DNS64: DNS Extensions for Network Address Translation from IPv6 Clients to IPv4 Servers
RFC 6147

Approval announcement
Draft of message to be sent after approval:

From: The IESG <iesg-secretary@ietf.org>
To: IETF-Announce <ietf-announce@ietf.org>
Cc: Internet Architecture Board <iab@iab.org>,
    RFC Editor <rfc-editor@rfc-editor.org>,
    behave mailing list <behave@ietf.org>,
    behave chair <behave-chairs@tools.ietf.org>
Subject: Protocol Action: 'DNS64: DNS extensions for Network Address Translation from IPv6 Clients to IPv4 Servers' to Proposed Standard (draft-ietf-behave-dns64-11.txt)

The IESG has approved the following document:
- 'DNS64: DNS extensions for Network Address Translation from IPv6
   Clients to IPv4 Servers'
  (draft-ietf-behave-dns64-11.txt) as a Proposed Standard

This document is the product of the Behavior Engineering for Hindrance
Avoidance Working Group.

The IESG contact persons are David Harrington and Wes Eddy.

A URL of this Internet Draft is:
http://datatracker.ietf.org/doc/draft-ietf-behave-dns64/

Technical Summary

   DNS64 is a mechanism for synthesizing AAAA records from A records.
   DNS64 is used with an IPv6/IPv4 translator to enable client-server
   communication between an IPv6-only client and an IPv4-only server,
   without requiring any changes to either the IPv6 or the IPv4 node,
   for the class of applications that work through NATs.  This document
   specifies DNS64, and provides suggestions on how it should be
   deployed in conjunction with IPv6/IPv4 translators.

Working Group Summary

The document represents WG consensus.

Document Quality

several vendors are actively implementing the specification.
The document does not require a MIB, ABNF, or media type review.

It should be reviewed by the DNS Directorate.

Personnel

Responsible AD: David Harrington 
Dan Wing (dwing@cisco.com) is the document shepherd. 
The document doesn't require IANA experts.

RFC Editor Note

1. Please be sure IPv6 hex addresses are represented in lowercase hex, as per draft-ietf-6man-text-representation.
2. Some minor nits:
#1) Sec 2: r/mode" ./mode".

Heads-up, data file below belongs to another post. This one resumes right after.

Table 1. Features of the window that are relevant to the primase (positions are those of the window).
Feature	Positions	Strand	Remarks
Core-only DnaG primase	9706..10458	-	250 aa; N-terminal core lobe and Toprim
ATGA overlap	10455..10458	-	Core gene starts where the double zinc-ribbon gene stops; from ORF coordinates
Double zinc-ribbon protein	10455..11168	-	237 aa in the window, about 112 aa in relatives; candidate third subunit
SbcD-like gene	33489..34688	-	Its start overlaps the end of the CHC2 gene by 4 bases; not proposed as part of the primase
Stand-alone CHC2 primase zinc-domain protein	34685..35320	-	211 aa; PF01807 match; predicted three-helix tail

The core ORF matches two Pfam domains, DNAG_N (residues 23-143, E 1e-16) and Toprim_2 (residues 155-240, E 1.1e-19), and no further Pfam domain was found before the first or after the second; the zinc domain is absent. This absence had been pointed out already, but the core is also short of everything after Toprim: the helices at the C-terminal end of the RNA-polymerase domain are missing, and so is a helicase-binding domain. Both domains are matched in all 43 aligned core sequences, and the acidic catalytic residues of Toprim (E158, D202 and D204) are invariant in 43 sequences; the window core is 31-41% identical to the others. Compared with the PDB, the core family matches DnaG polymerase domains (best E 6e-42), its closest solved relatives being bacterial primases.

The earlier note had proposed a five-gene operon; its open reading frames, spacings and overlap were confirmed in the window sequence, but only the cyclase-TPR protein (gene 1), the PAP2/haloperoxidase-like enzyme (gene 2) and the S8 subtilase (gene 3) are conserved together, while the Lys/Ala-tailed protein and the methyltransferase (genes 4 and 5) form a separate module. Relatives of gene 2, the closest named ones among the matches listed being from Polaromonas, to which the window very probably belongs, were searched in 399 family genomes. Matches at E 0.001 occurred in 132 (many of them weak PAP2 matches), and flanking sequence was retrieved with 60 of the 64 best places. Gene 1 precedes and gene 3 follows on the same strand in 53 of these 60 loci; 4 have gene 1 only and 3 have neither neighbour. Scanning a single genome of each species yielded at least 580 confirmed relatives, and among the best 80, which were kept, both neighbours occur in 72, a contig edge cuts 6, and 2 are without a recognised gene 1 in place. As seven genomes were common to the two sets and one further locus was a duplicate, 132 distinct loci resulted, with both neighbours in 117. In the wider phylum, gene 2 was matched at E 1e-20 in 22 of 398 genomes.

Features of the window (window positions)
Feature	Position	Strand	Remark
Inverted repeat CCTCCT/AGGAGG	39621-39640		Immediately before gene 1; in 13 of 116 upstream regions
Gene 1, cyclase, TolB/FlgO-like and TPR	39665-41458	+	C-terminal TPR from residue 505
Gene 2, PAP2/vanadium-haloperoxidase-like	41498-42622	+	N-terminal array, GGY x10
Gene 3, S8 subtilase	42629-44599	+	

#2) Sec 5.1.3: r/. ./.
#3) Sec 5.1.7: 
 3a) r/from the A record/from the A record.
 3b) r/28 (AAAA)/28 (AAAA).
 3c) r/to 16/to 16.
 3d) r/([RFC2308]/([RFC2308]).
#4) Sec 7.1 & 7.2: r/h2.example.com/h2.example.com.
#5) Sec 7.1: r/is 64:FF9B::192.0.2.1/is 64:FF9B::192.0.2.1.

#6) Section 5.1.4 is inconsistent with section 5.1.1
The proposal is to change the "MAY build an answer section" in 5.1.4
to "by default MUST build an answer section", so it would read as
follows. 
OLD:
   If it receives an answer with at
   least one AAAA record containing an address outside any of the
   excluded range(s), then it MAY build an answer section for a response
   including only the AAAA record(s) that do not contain any of the
   addresses inside the excluded ranges.  That answer section is used in
   the assembly of a response as detailed in Section 5.4.
   Alternatively, it MAY treat the answer as though it were an empty
   answer, and proceed accordingly.  It MUST NOT return the offending
   AAAA records as part of a response.

NEW:
   When the DNS64 performs its initial AAAA query, if it receives an
   answer with only AAAA records containing addresses in the excluded
   range(s), then it MUST treat the answer as though it were an empty
.....................^^^^
   answer, and proceed accordingly.  If it receives an answer with at
   least one AAAA record containing an address outside any of the
   excluded range(s), then it by default SHOULD build an answer section
.................................^^^^^^^^^^^^^^
   for a response including only the AAAA record(s) that do not contain
   any of the addresses inside the excluded ranges.  That answer section
   is used in the assembly of a response as detailed in Section 5.4.
   Alternatively, it MAY treat the answer as though it were an empty
   answer, and proceed accordingly.  It MUST NOT return the offending
   AAAA records as part of a response.